5.  The luggage container of claim 4 wherein said second compartment defines a top edge and a bottom edge, said bottom edge proximate the first edge of said first compartment and wherein said first cover defines a first cover top edge and a first
cover bottom edge, said first cover being affixed at said first cover bottom edge to said second compartment proximate the bottom edge of the second compartment.


6.  The luggage container of claim 5 wherein each of said shoulder straps are affixed at one end thereof to said second compartment proximate the top edge, and further wherein each of said shoulder straps may be removably affixed to said first
side of said first compartment and proximate the bottom of the first compartment, and the other of said shoulder straps may be removably affixed to the second side of said first compartment and proximate the bottom of the first compartment.


7.  The luggage container of claim 6 further comprising:


a third compartment affixed to the front side of said first compartment;


said third compartment having a second cover;  and,


a day pack, said day pack removably positioned in said third compartment.


8.  The luggage container of claim 7 wherein said first compartment defines an openable closure on the top thereof.


9.  The luggage container of claim 5 wherein said first cover defines an inner side and an outer side, and closure means for removably attaching said first cover to the bottom of the first compartment,


wherein said closure means comprises a hook and loop fastening pair, with one of the hook and loop fastening pair positioned on the bottom of the first compartment adjacent the intersection of the bottom and the front side thereof and the other
of the hook and loop fastening pair positioned on the inner side of said first cover adjacent the first cover top edge.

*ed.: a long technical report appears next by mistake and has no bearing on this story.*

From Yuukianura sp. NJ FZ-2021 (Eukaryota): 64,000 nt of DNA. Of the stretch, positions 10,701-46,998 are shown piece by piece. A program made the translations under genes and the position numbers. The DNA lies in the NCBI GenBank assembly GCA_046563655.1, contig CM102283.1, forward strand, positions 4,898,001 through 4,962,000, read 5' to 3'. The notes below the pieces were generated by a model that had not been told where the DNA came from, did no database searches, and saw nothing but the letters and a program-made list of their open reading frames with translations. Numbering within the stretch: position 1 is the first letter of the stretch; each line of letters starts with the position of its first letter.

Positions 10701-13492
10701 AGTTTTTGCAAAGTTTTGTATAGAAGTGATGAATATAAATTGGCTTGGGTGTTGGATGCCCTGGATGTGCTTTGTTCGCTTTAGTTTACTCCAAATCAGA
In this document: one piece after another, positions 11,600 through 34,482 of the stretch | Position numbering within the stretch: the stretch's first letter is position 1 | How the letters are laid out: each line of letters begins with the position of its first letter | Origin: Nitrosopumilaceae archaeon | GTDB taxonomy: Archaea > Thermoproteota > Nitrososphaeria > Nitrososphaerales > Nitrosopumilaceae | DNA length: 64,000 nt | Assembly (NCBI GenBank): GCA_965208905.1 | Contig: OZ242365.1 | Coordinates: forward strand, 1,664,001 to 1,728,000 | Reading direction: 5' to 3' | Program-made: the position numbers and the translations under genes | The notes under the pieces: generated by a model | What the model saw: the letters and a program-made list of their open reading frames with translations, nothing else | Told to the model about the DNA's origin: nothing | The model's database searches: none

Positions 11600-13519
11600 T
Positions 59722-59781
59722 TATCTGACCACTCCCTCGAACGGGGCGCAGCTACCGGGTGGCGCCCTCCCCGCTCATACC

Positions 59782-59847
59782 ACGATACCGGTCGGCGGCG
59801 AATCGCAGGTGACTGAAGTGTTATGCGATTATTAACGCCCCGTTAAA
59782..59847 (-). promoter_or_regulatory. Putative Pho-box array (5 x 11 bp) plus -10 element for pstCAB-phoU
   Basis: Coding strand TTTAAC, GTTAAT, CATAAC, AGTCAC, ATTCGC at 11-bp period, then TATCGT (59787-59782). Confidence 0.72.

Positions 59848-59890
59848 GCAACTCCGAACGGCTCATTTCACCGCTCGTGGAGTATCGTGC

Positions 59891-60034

10.  The luggage container of claim 9 further comprising a first hand carry means operable from the top of said first compartment of carrying said luggage container.


11.  The luggage container of claim 10 further comprising a second hand carry means affixed to the first side thereof.


12.  The luggage container of claim 10 wherein the first hand carry means comprises an elongated extendable U-shaped member mounted in said first compartment adjacent the back side thereof and extending from the bottom of the first compartment
thereof to the top thereof with the cross-member of the U-shaped member extending out of the top of the first compartment.


13.  The luggage container of claim 12 wherein the elongated extendable U-shaped member is extendable a predetermined distance whereby said luggage container may be moved with said wheels in contact with a surface and with a user pulling or
pushing said luggage carrier by means of said handle.


14.  The luggage container of claim 1, wherein said first cover further defines an upper inner segment, a lower outer segment, and an intermediate edge, said upper inner segment connected to said lower outer segment at said intermediate edge,
said first cover having an open position when operated to provide access to said second compartment and having a closed position when not providing access to said second compartment, such that when said first cover is in said closed position said upper
inner segment may be folded at said intermediate edge into said second compartment.


15.  The luggage container of claim 14, wherein said lower outer segment is formed of a thick padded material and said upper inner segment is formed of a thin material, such that when said first cover is in said open position said thick padded
lower outer segment may be positioned to rest between said user's back and said wheels and said thin upper inner segment may be detachably fixed to said luggage container.


16.  The luggage container of claim 1 wherein said first compartment defines a front side, a back side, a top, a bottom, a first side, and a second side;


wherein said second compartment defines a second compartment top edge, and a second compartment bottom edge;